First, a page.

CD-R engineers must have spent the last few years feeling like they were being barked at by an auctioneer, pushing hard for ever-faster drives to satisfy users' seemingly insatiable thirst for quicker burns. As the economic and engineering laws of diminishing returns converge, though, it looks like the auction's just about over.
"Sure, it's possible that someone might put out a 52X [CD-R write speed] drive, but the question is why," says Bob DeMoulin, marketing manager of Sony's disc storage and peripherals division. "You can already burn a full CD in under 3 minutes at 48X, so what's the point?" As CD-R drives get faster, they get more sensitive to media imperfections, he adds, meaning that it's not worth the effort or cost to create drives that burn much faster.
Heather Barger, marketing director for CyClone, agrees, though she said CyClone will continue to support higher drives as manufacturers produce them. "Price points beyond 48X would be quite high for the consumer marketplace when first introduced," she says, though she admits that CyClone and others thought the same thing when 40X drives hit the market, and external FireWire 40X drives are now available in the $175-$185 price range. "I think higher-speed recording drives would probably have more to do with compatibility and standards issues," she says.
Add user safety to that list, says Howard Wing, vice president of sales and marketing for Plextor. 48X writers already spin at around 9,600 RPM, and as they approach 10,000RPM, they run the risk not only of disc failures, but of discs shattering and the pieces hurtling out of the drive. "When you combine faster spin rates with disc imperfections, you bring up real user safety concerns," he says. "We've got footage of discs flying out of drives at about 200MPH."
Even the 48X drives entering the market in the third and fourth quarters of this year exhibit modifications designed to keep discs—and their users—safe. Plextor's 48X/24X/48X drive, announced in August, features both SpeedRead software that allows users to set the maximum spin rate and enclosure modifications such as a thickened base assembly designed to keep discs in the drive in the event they shatter, Wing says. Manufacturers can't prevent discs from shattering, but they can at least keep them inside the enclosure if it happens, he says.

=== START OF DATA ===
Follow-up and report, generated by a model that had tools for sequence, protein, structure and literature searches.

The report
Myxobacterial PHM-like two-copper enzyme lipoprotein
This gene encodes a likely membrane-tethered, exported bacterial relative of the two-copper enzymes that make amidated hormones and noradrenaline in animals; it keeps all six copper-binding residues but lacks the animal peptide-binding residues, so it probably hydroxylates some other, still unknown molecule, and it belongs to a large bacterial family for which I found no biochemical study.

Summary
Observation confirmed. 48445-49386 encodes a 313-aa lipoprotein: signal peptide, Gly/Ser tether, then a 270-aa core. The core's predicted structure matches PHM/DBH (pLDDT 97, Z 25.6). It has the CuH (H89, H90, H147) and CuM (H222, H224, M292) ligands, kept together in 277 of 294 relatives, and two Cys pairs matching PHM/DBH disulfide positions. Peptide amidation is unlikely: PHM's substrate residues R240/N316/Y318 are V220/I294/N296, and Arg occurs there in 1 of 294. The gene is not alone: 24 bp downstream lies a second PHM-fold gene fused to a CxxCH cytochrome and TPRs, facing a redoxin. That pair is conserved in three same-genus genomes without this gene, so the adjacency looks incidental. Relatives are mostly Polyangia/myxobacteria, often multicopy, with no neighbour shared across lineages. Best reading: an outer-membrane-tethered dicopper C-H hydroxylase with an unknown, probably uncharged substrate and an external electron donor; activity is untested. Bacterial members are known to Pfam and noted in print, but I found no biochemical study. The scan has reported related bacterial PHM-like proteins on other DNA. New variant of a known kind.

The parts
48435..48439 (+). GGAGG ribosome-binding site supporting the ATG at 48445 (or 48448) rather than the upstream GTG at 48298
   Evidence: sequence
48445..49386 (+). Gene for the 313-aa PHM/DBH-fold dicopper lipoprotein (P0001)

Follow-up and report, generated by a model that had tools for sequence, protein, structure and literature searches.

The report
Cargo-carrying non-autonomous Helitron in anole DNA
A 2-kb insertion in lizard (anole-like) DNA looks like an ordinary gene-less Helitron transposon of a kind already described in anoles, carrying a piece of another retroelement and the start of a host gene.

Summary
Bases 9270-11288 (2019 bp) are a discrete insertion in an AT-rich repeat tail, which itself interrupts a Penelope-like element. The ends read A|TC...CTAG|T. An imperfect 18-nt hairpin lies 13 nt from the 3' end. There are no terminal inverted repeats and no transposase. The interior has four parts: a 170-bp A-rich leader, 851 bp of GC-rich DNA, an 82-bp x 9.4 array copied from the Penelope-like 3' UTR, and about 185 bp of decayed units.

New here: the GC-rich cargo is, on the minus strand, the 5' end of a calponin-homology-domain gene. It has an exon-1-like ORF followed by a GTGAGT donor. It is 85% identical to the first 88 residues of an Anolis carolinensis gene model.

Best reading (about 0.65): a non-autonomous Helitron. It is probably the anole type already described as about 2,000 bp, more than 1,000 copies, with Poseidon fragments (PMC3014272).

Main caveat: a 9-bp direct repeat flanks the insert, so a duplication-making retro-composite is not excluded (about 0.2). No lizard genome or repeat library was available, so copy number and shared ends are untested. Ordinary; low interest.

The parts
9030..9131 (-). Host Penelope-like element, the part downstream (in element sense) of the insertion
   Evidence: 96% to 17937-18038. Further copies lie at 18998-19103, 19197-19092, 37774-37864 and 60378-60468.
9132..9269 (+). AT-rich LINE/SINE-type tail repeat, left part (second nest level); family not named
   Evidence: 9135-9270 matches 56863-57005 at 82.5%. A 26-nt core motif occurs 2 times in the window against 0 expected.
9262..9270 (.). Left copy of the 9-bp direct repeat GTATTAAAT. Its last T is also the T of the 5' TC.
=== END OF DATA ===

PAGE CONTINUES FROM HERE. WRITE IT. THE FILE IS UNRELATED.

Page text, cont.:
Plextor and Sony say they'll stop at 48X, and Yamaha has indicated their 44X CRW-F1 drive—which in its telling introductory hype emphasized not speed, but other enhancements like laser-labeling and specialized audio mastering—might be the fastest they'll release. Sony's DeMoulin says that, even setting the issue of speed aside, producing CD-R drives just isn't that profitable any more. Like many companies, Sony stopped manufacturing their own drives long ago; Lite-on now produces them for Sony, EZQuest, and others. "CD-R drives are a commodity now; there's no money in it," DeMoulin says. "It's like buying wheat or pork bellies."
So where do companies like Sony and Plextor go from here? Will they go the way of Hewlett-Packard, who once sold more CD recorders than anyone, but announced 18 months ago that they were moving on to DVD+RW, and getting out of the CD-R game entirely? DeMoulin says that while Sony will be putting more of their resources into DVD drives, they won't abandon CD drive development altogether. Rather, they'll focus on slim, portable CD/DVD combo drives like the CRX85A/A1, which currently boasts 20X CD-R burning and 8X CD-RW recording. "You'll be seeing more Discman-styled, battery-powered drives coming from Sony and other vendors," DeMoulin says.
Plextor also will explore more external USB 2.0 and FireWire solutions with an emphasis on portable player/recorder speed and performance, Wing says. The other engineering horizon ripe for further exploration is CD-RW speeds, he says, pointing to Plextor's new 24X CD-RW speed (the Yamaha CRW-F1 already offers 24X CD-RW burns). "More and more people are becoming concerned with backing up their personal data, and we need to get to the point where it's fast and easy for them to use CD-RW for daily backups," he says.
The CD speed war might not be over after all, but it's certainly moved to another front. -Eric Schumacher-Rasmussen